Almost everything. Lenders take a long look at your income, including type, amount, history, future sustainability and credit history. They also consider other mortgages you might have and the source of the deposit. They will also closely examine your bank statements to ensure they can verify all other information provided in the application.
10. Can I buy with someone else to keep costs down?
Of course. As long as you both have good credit history, enough income and a deposit to secure your mortgage, sharing the costs with a second party is always an option.
It’s important to ensure you know how the property will be split between the two of you, especially if one of you is paying more towards the deposit.
You have two options when buying with someone else:
- Joint tenancy: If you have chosen a joint tenancy, the part owned by you will automatically pass to the other person if you die.
- Tenants in common: Here, the property can be divided up as you choose. Your share will then be passed on to your estate if you die. This option has the advantage of allowing you to elect how rental income affects your tax return.
We can advise you on the impact of these two different options for your situation.
11. What type of viable mortgages are there?
Tracker mortgages tend to be the most popular variable mortgage deals. They follow or "track" the Bank of England base rate (plus a set percentage). There are other variable rate mortgages that track the bank’s base rate, the London Interbank Offered Rate (LIBOR) or a product reference rate.
Banks also offer fixed-rate mortgages of varying durations - two years through to ten years. The pricing of the various fixed rate durations is sensitive to the interest rate outlook. Other mortgage types include capped and collared mortgages, but these are less popular.
12. Can I get an interest-only mortgage?
Probably not. Interest-only is very much disappearing from the mortgage landscape in the UK. Where it is available is in circumstances where the loan-to-value (LTV) is at 50% and below or the property has substantial equity and the borrower has a very high income. In addition, where significant investments are held that could repay the loan, we are often able to arrange an interest-only mortgage. For most folks, however, they should be prepared to have a repayment mortgage.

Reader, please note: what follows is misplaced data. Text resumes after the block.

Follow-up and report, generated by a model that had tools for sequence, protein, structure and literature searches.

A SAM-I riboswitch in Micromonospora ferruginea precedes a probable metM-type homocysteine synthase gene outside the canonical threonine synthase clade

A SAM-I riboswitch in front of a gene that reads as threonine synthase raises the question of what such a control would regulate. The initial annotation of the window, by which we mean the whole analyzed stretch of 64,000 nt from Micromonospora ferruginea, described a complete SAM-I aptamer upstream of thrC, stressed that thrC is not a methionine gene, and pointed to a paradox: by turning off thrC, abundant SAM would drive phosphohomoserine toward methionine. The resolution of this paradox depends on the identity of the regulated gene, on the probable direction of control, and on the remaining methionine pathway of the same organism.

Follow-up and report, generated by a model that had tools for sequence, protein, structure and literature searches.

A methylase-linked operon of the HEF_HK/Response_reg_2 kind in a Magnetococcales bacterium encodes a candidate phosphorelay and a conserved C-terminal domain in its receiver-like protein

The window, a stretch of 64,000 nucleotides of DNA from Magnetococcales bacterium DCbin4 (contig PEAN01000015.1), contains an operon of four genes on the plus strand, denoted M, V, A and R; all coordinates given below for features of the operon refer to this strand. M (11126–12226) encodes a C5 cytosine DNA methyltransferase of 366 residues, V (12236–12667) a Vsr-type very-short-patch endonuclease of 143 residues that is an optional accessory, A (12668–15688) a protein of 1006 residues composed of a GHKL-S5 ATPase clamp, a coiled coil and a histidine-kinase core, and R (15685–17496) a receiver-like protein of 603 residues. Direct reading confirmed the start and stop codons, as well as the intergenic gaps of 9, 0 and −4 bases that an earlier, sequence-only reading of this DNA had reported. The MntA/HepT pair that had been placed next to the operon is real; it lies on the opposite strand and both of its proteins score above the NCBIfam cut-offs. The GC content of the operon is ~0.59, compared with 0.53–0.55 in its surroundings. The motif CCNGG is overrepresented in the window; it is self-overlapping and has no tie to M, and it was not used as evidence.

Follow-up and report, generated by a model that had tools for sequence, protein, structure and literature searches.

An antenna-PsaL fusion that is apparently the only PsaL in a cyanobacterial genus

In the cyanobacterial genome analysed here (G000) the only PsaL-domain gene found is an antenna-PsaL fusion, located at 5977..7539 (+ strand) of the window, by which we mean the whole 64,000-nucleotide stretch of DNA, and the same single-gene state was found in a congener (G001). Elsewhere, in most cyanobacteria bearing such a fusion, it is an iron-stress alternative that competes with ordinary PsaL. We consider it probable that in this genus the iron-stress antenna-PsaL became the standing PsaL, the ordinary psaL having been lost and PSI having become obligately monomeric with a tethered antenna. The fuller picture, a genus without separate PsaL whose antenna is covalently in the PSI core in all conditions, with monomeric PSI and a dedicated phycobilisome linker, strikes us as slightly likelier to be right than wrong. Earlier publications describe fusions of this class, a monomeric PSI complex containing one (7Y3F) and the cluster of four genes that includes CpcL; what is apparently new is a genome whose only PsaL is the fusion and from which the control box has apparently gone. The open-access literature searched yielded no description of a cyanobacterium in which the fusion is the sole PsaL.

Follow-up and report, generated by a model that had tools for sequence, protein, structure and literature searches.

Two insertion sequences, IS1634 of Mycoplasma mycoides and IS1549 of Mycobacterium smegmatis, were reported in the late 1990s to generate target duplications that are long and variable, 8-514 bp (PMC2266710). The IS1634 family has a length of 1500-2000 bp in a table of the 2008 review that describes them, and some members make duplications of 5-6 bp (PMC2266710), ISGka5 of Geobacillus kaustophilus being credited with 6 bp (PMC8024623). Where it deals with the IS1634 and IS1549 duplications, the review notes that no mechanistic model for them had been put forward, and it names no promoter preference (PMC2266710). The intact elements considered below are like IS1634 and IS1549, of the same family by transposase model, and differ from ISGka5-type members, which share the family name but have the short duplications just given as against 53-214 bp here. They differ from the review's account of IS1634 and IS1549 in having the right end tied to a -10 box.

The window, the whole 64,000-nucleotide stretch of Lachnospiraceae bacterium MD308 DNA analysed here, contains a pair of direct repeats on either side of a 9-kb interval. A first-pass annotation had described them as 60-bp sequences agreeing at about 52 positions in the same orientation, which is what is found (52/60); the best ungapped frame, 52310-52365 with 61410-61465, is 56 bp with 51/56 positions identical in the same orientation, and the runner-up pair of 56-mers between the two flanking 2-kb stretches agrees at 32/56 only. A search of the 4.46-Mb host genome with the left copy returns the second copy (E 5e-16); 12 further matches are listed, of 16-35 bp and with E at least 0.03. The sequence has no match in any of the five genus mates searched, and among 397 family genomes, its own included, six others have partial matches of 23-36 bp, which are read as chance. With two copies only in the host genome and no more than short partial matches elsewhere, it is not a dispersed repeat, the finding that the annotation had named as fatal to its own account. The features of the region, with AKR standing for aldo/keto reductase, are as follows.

13. Does Sable International charge me to do my research?
Yes. If we consider your mortgage to be a "standard" case, we’ll charge you a research fee of £195. A "standard" case is one where we don’t need come to a specific agreement with an underwriter at a lender regarding your case.
Where your case is outside lending policy, for example requiring a specific agreement with an underwriter, involves multiple scenarios or an aspect of commercial or non-resident lending, then our non-standard research fee of £375 applies.
Our clients have provided very positive feedback on our research outputs. We consider this research essential to the planning process of buying a UK property.
Our research fees are the only fees you pay us up-front. If we determine that you aren’t eligible for a mortgage, we won’t charge you a cent. In addition, the research fee is only charged once. We don’t re-charge you if we need to refresh or alter the options as you consider different properties. Once you’ve paid one research fee, our commitment is to get you to the finish line and into your home.
14. Does Sable International charge me a success fee?
Generally, no. Most lenders pay us between 0.3% and 0.35% of the loan amount as a success fee. We will only charge a top-up if the payment from the lender is below £750. In that case, we charge the difference between what the lender is charged and £750.
The above applies to non-resident mortgages, but we do charge an additional document handling fee of £200 on receipt of the full application with all the attached documents. These mortgages have a significant compliance burden and this additional charge covers that additional work.
Commercial mortgage success fees are charged on a bespoke basis.
Sable International is one of the leading foreign national and contractor mortgage specialists in London, helping non-residents and self-employed contractors obtain competitive mortgages since 2006.
At Sable International, we offer you advice – not just brokerage. Without the right advice, it’s all too easy to lose your chosen property thanks to a failed mortgage application. We help to make sure you get that mortgage for your dream property. And because a mortgage is often the largest debt you’ll ever have, we make sure our advice takes into account your overall financial position.